I have included some SEO detail about keywords in my 2 part Yoast series. However, I didn’t go much into the whys or wherefores because keywords seems to be a bit of an expert field. Not only that, if you write for yourself and a small audience you care about, like many of us do, then the key word or phrase needs to fit the post, not the other way round.
I do need to earn a bit of cash from my personal blog. I would not be able to afford to carry on with it without that small income. Which is why I have an interest in topics like mobile speed, SEO and Moz ranking. These things help drive companies to me. But I expect my visitors do not want to read a post which has been written around a particular keyword that I have previously researched and decide I want to rank for. Such as for example – “Five great kinky sex tips.” Writing like that now and then is fine but having to do that most of the time – well I would find that very boring.
If you’re after a How To for writing around a previously researched keyword then pop over to Neil Patel’s place. He seems to know a lot about such things.
Choosing and Using Keywords or Phrases
Apparently key-phrases will drive more “targeted” traffic to your site than keywords. When you think about that it stands to reason; I know if I am searching google for something I write a sentence rather than one word.
So in this post I am just going to chat about the best ways to choose a key word or phrase for a post you have already written. And also what other things you could do to strengthen that choice.
When writing a post like this one I knew from the start that the word “Keywords” would be the main keyword itself. Or figure somewhere in the key phrase. But if I am creating a personal account on my blog I may not know until it is complete which word or phrase will be the focus.
Here is how I decide and then what I do.
Deciding on a Keyword
I will use an example of one of my posts, Music and Passion Over the Years. It is about past loves and the music that fueled each romance. I decided upon the key phrase Music and Passion after the post was written – but before I had decided on the final title. I felt the posts main topic was a combination of these two things. Also within my post I had already included the phrase “Music and Passion” a few times – see figure 1 – and was certain I could find a place to add it elsewhere if needed.
Even though I typed the whole phrase in the focus keyword box only the two main words are used. (See below.) Connective words, such as and are not counted.
The keyword needs to appear a certain amount of times in your post for it to useful. A keyword will need to be used slightly more than a key-phrase. (Apparently about 7 to 10 times per 1000 words.)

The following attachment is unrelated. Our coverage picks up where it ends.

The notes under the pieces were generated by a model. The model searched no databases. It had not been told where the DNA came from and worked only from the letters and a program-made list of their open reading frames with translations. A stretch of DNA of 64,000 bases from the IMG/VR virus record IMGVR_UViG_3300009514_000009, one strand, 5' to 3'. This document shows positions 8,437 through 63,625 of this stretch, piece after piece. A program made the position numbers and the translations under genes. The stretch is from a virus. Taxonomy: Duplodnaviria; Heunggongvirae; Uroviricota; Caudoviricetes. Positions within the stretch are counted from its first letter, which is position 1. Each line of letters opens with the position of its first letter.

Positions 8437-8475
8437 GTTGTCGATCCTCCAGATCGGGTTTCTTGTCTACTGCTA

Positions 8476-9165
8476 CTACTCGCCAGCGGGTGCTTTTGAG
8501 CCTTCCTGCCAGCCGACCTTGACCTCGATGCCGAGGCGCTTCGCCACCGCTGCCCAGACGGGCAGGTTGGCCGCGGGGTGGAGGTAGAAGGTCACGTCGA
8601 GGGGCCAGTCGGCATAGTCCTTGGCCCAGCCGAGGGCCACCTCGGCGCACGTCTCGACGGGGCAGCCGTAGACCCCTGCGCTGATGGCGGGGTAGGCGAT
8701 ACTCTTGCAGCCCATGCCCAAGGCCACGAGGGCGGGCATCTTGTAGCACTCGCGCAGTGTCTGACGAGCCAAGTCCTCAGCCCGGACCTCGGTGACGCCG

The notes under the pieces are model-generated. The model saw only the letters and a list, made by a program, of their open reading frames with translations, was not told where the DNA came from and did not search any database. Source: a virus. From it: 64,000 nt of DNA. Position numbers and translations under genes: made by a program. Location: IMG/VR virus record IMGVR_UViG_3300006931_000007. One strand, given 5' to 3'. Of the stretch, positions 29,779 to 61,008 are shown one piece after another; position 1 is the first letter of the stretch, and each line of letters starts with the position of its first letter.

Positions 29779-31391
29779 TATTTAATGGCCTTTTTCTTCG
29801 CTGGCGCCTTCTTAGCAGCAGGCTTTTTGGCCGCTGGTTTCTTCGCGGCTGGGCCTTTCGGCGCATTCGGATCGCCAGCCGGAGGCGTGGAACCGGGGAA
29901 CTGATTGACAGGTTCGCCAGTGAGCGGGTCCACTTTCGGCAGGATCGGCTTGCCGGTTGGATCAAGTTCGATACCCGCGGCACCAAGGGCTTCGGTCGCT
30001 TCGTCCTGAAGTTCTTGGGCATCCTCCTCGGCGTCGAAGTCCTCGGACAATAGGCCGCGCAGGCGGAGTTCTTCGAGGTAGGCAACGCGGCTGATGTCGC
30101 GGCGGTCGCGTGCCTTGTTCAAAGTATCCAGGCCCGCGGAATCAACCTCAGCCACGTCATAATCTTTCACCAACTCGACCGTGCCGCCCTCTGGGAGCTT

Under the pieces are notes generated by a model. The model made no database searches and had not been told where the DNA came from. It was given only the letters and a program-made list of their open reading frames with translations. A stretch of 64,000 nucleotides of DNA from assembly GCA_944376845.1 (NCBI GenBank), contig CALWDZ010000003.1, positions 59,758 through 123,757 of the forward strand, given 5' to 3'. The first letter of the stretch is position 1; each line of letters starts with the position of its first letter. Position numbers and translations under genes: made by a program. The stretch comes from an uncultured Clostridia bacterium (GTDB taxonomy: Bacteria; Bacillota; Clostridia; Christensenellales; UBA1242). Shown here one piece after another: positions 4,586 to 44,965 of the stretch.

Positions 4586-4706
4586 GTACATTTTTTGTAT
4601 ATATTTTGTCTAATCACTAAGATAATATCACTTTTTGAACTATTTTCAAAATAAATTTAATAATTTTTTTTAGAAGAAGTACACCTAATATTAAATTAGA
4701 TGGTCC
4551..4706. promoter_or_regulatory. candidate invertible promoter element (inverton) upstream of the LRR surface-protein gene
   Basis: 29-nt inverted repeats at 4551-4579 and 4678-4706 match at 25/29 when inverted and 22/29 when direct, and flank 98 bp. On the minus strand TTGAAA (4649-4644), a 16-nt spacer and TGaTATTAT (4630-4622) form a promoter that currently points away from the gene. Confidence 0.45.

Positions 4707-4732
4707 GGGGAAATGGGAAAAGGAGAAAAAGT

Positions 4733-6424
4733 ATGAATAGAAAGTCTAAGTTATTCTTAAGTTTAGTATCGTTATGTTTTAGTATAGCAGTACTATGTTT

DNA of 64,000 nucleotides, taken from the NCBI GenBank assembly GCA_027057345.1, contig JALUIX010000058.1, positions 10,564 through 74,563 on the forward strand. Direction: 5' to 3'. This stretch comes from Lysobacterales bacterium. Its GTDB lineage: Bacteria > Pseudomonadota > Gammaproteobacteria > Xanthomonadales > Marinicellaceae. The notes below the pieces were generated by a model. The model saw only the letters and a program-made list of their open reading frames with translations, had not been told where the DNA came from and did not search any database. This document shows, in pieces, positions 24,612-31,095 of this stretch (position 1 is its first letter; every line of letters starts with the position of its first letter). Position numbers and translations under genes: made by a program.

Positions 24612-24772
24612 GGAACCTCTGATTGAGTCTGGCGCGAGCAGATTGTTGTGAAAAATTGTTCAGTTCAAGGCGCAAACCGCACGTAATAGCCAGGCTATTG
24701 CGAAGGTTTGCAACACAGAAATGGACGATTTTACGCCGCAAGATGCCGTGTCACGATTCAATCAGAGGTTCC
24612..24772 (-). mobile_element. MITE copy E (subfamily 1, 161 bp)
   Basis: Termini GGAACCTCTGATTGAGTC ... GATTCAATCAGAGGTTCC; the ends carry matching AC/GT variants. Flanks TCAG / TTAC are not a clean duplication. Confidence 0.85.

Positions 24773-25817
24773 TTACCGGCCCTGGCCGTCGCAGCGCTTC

If you write using blocks it is easy to see where it appears in your narrative by using the Eye Yoast tool –
And the image above tells you that keywords are also needed in the title, meta description, slug (that’s you URL). And also make sure it is in some of your image alt tags/attributes.
So far so good… I covered much of how to achieve the green dots in figure 3 here…
If you have decided on a key word or phrase and have not included it enough then read through your text and perhaps add in a logical place. Include in a sub title if possible or as the caption on a meme badge or image in your post. The main words in your phrase just need to be in the same sentence – see Figure 1 above – not necessarily next to each other.
Complementary words or phrases
Once Yoast are satisfied you have chosen an appropriate keyword and included it enough times I am afraid your job isn’t over yet. You really should throw in a few keywords that are complimentary to the focus choice. If you look at figure 1 above you see Yoast has a new feature “related keywords”. Clicking on that instructs you to signup to something called SeMrush. They will provide you with similar key phrases and you can even click through for lots of other keyword info.
In my Music and Passion post I was not keen on their offerings and my post already included words like song, passionate and love. So I didn’t put any more effort into keyword selection.
I also tend to include my keyword/phrase and complimentary words as tags.
When trying to think of complementary words or phrases a good way to view this in your mind is to see the main keyword at the top of a pyramid. And the similar, secondary words as part of that topic filtering down. So, if the whole post is about music you may have song, rhythm, singer, melody, harmony – that type of thing – as the related words within your text. And under Music within the pyramid… Moving further down you could list more personal words such as emotion etc. In fact you would probably use them naturally without even thinking.
Or you could view it as a word cloud similar to the one at the top of the post.
Fiction writing Keywords
If you write fiction then it can be a little harder to include main and secondary keywords. But certainly not impossible. I wrote about it here… (If you are not yet a member you may need to signup to the club to view this. But it is free.)
This post is directed at WordPress users. In blogger the tags are know as labels. And whereas you don’t need to define your keyword in an area like figure 2 you should still make sure a word/phrase in your title appears a number of times in your text, is part of your url and is used in the alt text line for an image. You get to the alt text area by clicking on the loaded image and then the setting/change wheel.
Keywords are a bit of a minefield in blogging. If you always try and write excellent content then I think the keywords will be there naturally. Happy blogging!
Images adapted from Pixabay